Ten years ago when Katrina’s floodwaters left the Gulf Coast ravaged, the pictures and stories that remained were those of utter destruction and abandonment. It was clear that Katrina’s disastrous aftermath was an indictment of the financial and policy disinvestment in communities of color.
For example, the United Houma Nation lost nearly three-fourths of their land due to the destruction by the storm, the BP oil spill (five years after Katrina), and the fact that the federal and state government’s cost-benefit analysis deemed their land not worth public investment. This is the picture for frontline communities living in a changing climate, suffering from a dirty energy system, and ignored by a government not accountable to community.
Yet, despite these challenges, communities like the Houma nation have continued to fight for justice and opportunity that will build a more equitable and fair society not only for their people, but for all. The resilience, leadership, and struggle needs to be supported by better policies, more resources, and new structures that allow for such a society to exist.
Through their story, we are reminded that the struggle for racial equity and justice for all is deeply centered on the tradition of resistance rooted in the Gulf Coast. Consider:
- 300 years ago: Indigenous and Black communities fought for freedom during French colonization;
- 150 years ago: Free and enslaved Black Americans fought for freedom in the Civil War;
- 50 years ago: Residents demanded Voting Rights and Equality;
- Today, these same communities are demanding justice in our economy, policies, and in tackling our pressing challenge of climate change.
Ten years after Katrina, I am fortunate to bear witness to this fight for justice and to be in solidarity with these incredible leaders at the commemoration organized by the leaders of Gulf South Rising, a coordinated regional movement. The movement is driving towards solutions that promote a just transition away from a dirty and extractive energy economy and towards a renewable and community-driven one. The movement is led by a collaboration of over sixty local organizations—a testament to the deep leadership capacity that exists across the Gulf South States.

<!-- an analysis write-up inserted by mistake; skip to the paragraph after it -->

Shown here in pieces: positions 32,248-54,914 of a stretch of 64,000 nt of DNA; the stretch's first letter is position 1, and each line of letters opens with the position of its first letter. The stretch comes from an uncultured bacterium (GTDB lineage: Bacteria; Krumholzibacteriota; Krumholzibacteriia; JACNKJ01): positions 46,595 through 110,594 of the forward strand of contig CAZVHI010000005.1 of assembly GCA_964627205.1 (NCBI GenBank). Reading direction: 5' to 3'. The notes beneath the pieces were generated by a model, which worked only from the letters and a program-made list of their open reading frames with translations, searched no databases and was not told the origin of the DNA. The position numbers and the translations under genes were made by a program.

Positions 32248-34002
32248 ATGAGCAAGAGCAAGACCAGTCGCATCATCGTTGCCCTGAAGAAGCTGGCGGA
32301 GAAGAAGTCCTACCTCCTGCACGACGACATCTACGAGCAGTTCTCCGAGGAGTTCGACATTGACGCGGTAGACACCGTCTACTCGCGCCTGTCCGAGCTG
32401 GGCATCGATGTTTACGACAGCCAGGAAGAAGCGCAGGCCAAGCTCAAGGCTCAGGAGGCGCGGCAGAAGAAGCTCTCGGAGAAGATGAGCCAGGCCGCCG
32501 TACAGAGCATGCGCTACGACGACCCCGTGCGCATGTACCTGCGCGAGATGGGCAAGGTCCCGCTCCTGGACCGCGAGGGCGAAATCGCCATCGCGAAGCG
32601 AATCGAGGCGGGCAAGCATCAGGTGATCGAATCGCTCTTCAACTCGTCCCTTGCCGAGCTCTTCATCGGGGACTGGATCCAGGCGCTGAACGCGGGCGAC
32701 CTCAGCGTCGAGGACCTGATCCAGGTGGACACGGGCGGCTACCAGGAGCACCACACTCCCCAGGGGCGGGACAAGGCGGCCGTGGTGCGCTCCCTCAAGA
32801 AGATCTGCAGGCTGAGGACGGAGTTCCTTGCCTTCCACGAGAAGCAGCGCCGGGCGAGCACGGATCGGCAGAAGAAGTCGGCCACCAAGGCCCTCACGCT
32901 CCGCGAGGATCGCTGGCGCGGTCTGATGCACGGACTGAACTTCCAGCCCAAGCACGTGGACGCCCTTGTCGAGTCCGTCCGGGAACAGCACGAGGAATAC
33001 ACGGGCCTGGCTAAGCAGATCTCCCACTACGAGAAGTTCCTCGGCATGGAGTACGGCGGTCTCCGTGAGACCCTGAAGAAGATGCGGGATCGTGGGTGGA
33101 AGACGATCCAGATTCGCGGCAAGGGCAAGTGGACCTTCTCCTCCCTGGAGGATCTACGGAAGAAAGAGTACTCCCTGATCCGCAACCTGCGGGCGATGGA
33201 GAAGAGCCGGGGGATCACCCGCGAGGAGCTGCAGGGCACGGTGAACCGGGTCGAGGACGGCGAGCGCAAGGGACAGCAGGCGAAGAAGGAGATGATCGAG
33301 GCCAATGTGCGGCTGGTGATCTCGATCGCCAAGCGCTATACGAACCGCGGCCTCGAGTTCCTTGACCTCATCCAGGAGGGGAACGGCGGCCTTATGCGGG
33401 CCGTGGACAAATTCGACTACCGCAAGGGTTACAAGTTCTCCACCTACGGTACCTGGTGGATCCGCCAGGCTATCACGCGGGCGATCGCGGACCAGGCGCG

While Mayor Landrieu, former Presidents Clinton and Bush, and President Obama garnered much of the media’s attention, Gulf South Rising was trending on Instagram and Twitter. And this isn’t a surprise. We at CSI had the distinct privilege to partner on a research report with some of these very leaders and organizations that elevated the leadership capacities of communities of color all along the Gulf Coast. Back in 2008 and 2009, the work showed that despite the national narrative, people have the expertise and knowledge to build a new way forward, and that these organizers need resources to support their ground-up drive.
This truth rings as loud as a trumpet when the Gulf South Rising community says, “the seas are rising and so are we.” As a nation we are on a collision course of climate change, an inequitable economy, and a disinvestment in communities of color. Yet, the solutions to these challenges are right here in the Gulf. Leaders across the South are showing how it is possible to tackle climate change, build a community-driven economy, and say Black Lives Matter all within the same effort.
I encourage you all to learn directly from this powerful Southern community leadership here: https://www.gulfsouthrising.org/wp-content/uploads/2015/05/Gulf-South-Rising-2015-SD-2.pdf .
For more on the events and stories, check out the hashtags #GulfSouthRising #KatrinaTruth #SMAV